Talk Back: Ohio’s Issue 2, Opposition

By on November 17, 2009 with 0 Comments By Wayne Pacelle

Today I share your comments on two posts from last week that take our opponents to task for their effort to retard reform.

Ohio has some of the weakest animal protection laws in the country, and that’s one reason why I traveled there recently to drum up support for new, improved policies. The prospect of a ballot initiative to phase out certain extreme confinement practices on factory farms generated anything but a sympathetic response from the Ohio Farm Bureau and many allies in the Legislature—instead, the group launched a pre-emptive measure designed to block our efforts. Voters there recently approved a measure, Issue 2, to create a powerful livestock board to dictate state agriculture policy. But it’s hardly the last word on the subject.

As an Ohioan, I was very disappointed that Issue 2 passed. I am on board with the HSUS in planning a different strategy. I will do what I can to help this process. —Loretta Sacher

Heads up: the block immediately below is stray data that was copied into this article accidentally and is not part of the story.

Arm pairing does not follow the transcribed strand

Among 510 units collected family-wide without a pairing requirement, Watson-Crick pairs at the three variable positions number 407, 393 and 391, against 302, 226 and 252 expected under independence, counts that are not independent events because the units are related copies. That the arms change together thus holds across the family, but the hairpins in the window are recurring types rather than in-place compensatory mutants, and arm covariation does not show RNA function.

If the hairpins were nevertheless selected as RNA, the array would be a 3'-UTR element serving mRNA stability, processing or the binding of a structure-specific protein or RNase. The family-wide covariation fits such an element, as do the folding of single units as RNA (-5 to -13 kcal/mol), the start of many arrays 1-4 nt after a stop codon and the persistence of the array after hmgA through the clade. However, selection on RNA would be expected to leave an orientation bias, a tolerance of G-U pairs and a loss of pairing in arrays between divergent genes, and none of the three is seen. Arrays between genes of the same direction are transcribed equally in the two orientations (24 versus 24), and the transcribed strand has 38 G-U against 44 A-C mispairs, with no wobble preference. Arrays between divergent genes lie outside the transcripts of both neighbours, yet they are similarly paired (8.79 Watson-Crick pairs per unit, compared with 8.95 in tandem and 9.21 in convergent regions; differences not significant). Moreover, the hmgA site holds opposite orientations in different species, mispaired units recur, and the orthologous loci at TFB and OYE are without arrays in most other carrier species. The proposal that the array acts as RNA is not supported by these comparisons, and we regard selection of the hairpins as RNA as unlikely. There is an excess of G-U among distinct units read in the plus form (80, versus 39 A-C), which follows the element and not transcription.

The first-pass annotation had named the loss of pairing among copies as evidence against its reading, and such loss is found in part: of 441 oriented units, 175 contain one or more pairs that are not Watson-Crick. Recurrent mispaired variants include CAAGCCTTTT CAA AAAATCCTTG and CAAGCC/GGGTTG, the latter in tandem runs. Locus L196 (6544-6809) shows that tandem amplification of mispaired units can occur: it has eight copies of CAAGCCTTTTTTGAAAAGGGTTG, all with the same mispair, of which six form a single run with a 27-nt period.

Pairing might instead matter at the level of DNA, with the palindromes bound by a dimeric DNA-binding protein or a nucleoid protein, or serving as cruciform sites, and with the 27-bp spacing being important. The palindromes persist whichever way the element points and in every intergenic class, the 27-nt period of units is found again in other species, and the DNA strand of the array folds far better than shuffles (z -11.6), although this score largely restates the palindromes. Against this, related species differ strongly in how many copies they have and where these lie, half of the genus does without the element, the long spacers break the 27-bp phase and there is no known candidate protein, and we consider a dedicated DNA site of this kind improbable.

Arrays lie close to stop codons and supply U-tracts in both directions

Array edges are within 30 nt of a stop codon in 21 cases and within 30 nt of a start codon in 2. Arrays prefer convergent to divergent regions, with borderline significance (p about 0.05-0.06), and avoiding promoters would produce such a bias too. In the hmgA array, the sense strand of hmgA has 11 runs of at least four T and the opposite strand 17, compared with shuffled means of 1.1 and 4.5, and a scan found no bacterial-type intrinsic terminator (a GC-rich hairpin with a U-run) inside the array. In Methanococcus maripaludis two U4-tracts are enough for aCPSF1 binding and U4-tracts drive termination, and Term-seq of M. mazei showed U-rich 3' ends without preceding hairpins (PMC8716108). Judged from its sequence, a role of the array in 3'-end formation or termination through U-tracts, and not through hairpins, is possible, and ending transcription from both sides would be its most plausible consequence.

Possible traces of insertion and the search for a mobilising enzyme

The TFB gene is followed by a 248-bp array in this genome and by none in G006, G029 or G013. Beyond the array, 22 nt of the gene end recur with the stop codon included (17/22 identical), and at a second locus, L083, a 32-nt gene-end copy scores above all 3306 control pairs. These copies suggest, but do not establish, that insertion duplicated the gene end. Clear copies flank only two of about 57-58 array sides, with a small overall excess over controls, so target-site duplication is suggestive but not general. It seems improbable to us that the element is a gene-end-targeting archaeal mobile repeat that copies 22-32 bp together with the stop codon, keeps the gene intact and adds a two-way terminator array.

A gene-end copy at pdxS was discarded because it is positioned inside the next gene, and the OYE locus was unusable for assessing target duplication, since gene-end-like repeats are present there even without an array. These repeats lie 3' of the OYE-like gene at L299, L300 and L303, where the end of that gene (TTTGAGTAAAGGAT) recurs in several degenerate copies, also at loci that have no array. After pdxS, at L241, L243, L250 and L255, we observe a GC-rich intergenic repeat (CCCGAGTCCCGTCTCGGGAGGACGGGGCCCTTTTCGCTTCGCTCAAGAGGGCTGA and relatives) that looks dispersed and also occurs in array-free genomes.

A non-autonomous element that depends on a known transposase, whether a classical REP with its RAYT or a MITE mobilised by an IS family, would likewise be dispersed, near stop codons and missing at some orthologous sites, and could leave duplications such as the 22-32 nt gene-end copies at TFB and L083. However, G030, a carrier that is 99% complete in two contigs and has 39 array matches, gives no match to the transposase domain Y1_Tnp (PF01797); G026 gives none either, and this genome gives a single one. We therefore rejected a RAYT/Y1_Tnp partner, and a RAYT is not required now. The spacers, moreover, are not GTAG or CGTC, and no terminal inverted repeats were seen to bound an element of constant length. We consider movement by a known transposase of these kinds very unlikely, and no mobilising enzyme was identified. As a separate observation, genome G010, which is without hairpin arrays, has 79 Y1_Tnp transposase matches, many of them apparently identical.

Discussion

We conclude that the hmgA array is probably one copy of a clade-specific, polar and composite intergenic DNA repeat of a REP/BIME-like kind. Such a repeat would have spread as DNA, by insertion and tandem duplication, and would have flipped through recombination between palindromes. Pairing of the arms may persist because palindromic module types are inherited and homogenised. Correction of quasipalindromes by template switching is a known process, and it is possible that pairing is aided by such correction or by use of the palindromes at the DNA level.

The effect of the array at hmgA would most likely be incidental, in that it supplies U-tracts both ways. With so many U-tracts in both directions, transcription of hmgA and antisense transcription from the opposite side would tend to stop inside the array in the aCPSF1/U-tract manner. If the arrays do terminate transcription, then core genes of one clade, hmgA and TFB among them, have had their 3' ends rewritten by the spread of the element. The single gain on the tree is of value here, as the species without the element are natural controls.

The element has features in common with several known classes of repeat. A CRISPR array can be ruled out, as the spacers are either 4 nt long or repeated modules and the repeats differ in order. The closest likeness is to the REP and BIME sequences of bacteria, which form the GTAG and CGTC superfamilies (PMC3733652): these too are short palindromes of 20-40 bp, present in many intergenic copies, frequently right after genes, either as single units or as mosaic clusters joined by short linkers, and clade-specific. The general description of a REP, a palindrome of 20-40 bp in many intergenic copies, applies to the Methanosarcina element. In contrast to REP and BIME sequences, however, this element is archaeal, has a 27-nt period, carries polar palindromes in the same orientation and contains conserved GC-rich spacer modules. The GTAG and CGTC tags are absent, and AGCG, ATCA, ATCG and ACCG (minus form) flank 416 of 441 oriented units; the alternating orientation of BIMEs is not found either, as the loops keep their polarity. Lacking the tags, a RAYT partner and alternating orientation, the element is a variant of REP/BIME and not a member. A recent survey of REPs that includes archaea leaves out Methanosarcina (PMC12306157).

Thanks for all you do for animals! I was at the town hall meeting in Cleveland last night—it was so wonderful to hear about the accomplishments of the HSUS and, like you said, it really does give a person hope for the future. I am looking forward to collecting signatures to get that amendment to Issue 2 on the ballot next year and hopefully enact some meaningful change for farm animals here in Ohio. —Maria Turchek

I want to thank Mr. Pacelle for coming to Cleveland and speaking to us last night. I believe that everybody in the room was quite deflated that Issue 2 had passed. He gave an inspiring talk that made me think about how I can further help the plight of suffering animals. It was comforting to know that the Humane Society is not giving up on Ohio and that the organization will help us work toward providing farm animals some basic life needs. I'm energized and ready to help. Thanks again. —Cynthia Wargo

I just wanted to thank you very much for coming to Cincinnati last night. As an animal advocate, shelter volunteer, and rescuer living in one of the states most backward when it comes to humane protections, it was heartening to hear your broad and expansive animal welfare address. Thank you for the ambitious objectives you are pursuing with the HSUS. I could not be more proud to be affiliated with an organization, aside from my work with our local animal loving community. PLEASE make Ohio a core HSUS focus for assisting our small but vigilant animal organizations here with bringing Ohio into the enlightened era, to legislate harsh punishments for abuse of domestic animals, as well as reforms to protect and better the lives of our food-producing animals. —Heather Harkins